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Just the Stats

Violent Victimization by Race or Hispanic Origin, 2008–2021

Alexandra Thompson and Susannah N. Tapp, PhD
BJS Statisticians


JULY 2023,  NCJ 305262   

From 2008 to 2021, the rate of overall violent victimization fell (figure 1). Over the same time period, the violent victimization rate fell for persons who identified as white, black, Hispanic, or another race (includes American Indian or Alaska Native or persons of two or more races).

Figure 1.  Rate of violent victimization, by race/Hispanic origin, 2008-2021

This graphic is interactive. To access data points, hover over the line and select a year. To select multiple lines or years, press and hold ctrl on your keyboard and select desired lines or years.


Note: Rates are per 1,000 persons age 12 or older. Estimates are based on 2-year moving averages centered on the most recent year (e.g., a 2008 estimate includes data for 2007 and 2008). Therefore, estimates may differ from previously published reports where only 1 year was used for annual rates, rather than 2-year rolling averages. See appendix table 1 for estimates and standard errors. 
aExcludes persons of Hispanic origin (e.g., “white” refers to non-Hispanic white persons and “black” refers to non-Hispanic black persons).
bIncludes persons who identified as Asian only or as Native Hawaiian or Other Pacific Islander (NHOPI) only. Categories are not shown separately due to small numbers of sample cases.
cIncludes persons who identified as American Indian or Alaska Native or persons of two or more races. Categories are not shown separately due to small numbers of sample cases.
Source: Bureau of Justice Statistics, National Crime Victimization Survey, 2008–2021.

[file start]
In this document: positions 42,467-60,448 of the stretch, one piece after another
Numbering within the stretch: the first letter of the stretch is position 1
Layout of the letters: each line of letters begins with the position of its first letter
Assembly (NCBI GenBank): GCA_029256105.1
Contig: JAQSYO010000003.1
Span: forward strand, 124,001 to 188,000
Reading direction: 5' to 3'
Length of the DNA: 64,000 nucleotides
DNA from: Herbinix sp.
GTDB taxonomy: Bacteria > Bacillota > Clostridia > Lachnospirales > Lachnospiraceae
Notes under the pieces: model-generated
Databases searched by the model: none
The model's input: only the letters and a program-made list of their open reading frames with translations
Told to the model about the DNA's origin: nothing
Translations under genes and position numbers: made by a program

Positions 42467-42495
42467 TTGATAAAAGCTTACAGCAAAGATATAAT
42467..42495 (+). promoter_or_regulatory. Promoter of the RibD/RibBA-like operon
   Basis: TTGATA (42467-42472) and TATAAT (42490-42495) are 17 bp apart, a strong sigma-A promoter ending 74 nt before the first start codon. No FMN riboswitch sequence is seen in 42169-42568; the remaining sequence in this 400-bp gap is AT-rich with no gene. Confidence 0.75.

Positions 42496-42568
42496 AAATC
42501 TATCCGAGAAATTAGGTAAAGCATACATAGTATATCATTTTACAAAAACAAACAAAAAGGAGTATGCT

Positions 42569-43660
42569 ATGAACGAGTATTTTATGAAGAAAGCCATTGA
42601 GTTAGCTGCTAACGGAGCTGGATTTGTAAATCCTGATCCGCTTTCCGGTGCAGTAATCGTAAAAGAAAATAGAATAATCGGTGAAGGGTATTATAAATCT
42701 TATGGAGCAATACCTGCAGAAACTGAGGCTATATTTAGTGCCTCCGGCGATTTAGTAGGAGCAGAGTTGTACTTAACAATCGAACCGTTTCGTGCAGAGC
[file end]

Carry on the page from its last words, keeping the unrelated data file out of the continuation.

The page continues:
During the 5-year aggregate period of 2017–21, white persons (19.8 victimizations per 1,000 persons age 12 or older) experienced a higher rate of violent victimization than the rate for Asian, Native Hawaiian, or Other Pacific Islander persons (9.8 per 1,000) (table 1). This pattern held across all types of violent crime. The rate of robbery victimization for black (2.8 per 1,000) and Hispanic persons (2.5 per 1,000) was higher than for white persons (1.6 per 1,000), but the rate of simple assault was higher for white persons (13.3 per 1,000) than black (11.3 per 1,000) or Hispanic (10.6 per 1,000) persons. 

Table 1. Rate of violent victimization, by type of crime and victim race/Hispanic origin, 2017–21
 

                                      Rate per 1,000 persons age 12 or older


Type of crime

Total

White*a 

Blacka

Hispanic

Asian/Native Hawaiian/
Other Pacific Islandera,b

Othera,c

Total violent crimed

19.5

19.8

19.4

18.4

9.8†

54.8†

   Rape/sexual assault

1.6

1.7

1.4

1.4

1.1†

4.2†

   Robbery

1.9

1.6

2.8†

2.5†

0.9†

5.3†

   Assault

16.0

16.5

15.2

14.5

7.7†

45.3†

     Aggravated assault

3.4

3.2

3.8

3.8

1.1†

8.5†

     Simple assault

12.6

13.3

11.3‡

10.6†

6.7†

36.9†

Violent crime excluding simple assaulte

6.9

6.4

8.0†

7.8†

3.1†

18.0†

Note: Details may not sum to totals due to rounding. Rate is per 1,000 persons age 12 or older. See appendix table 19 in Criminal Victimization, 2021 (NCJ 305101, BJS, September 2022) for person populations. See appendix table 2 for standard errors.
*Comparison group.
†Significant difference from comparison group at the 95% confidence level.
‡Significant difference from comparison group at the 90% confidence level.
aExcludes persons of Hispanic origin (e.g., “white” refers to non-Hispanic white persons and “black” refers to non-Hispanic black persons).
bIncludes persons who identified as Asian only or as Native Hawaiian or Other Pacific Islander only. Categories are not shown separately due to small numbers of sample cases.
cIncludes persons who identified as American Indian or Alaska Native or as two or more races. Categories are not shown separately due to small numbers of sample cases.
dExcludes homicide because the National Crime Victimization Survey is based on interviews with victims.
eIncludes rape or sexual assault, robbery, and aggravated assault.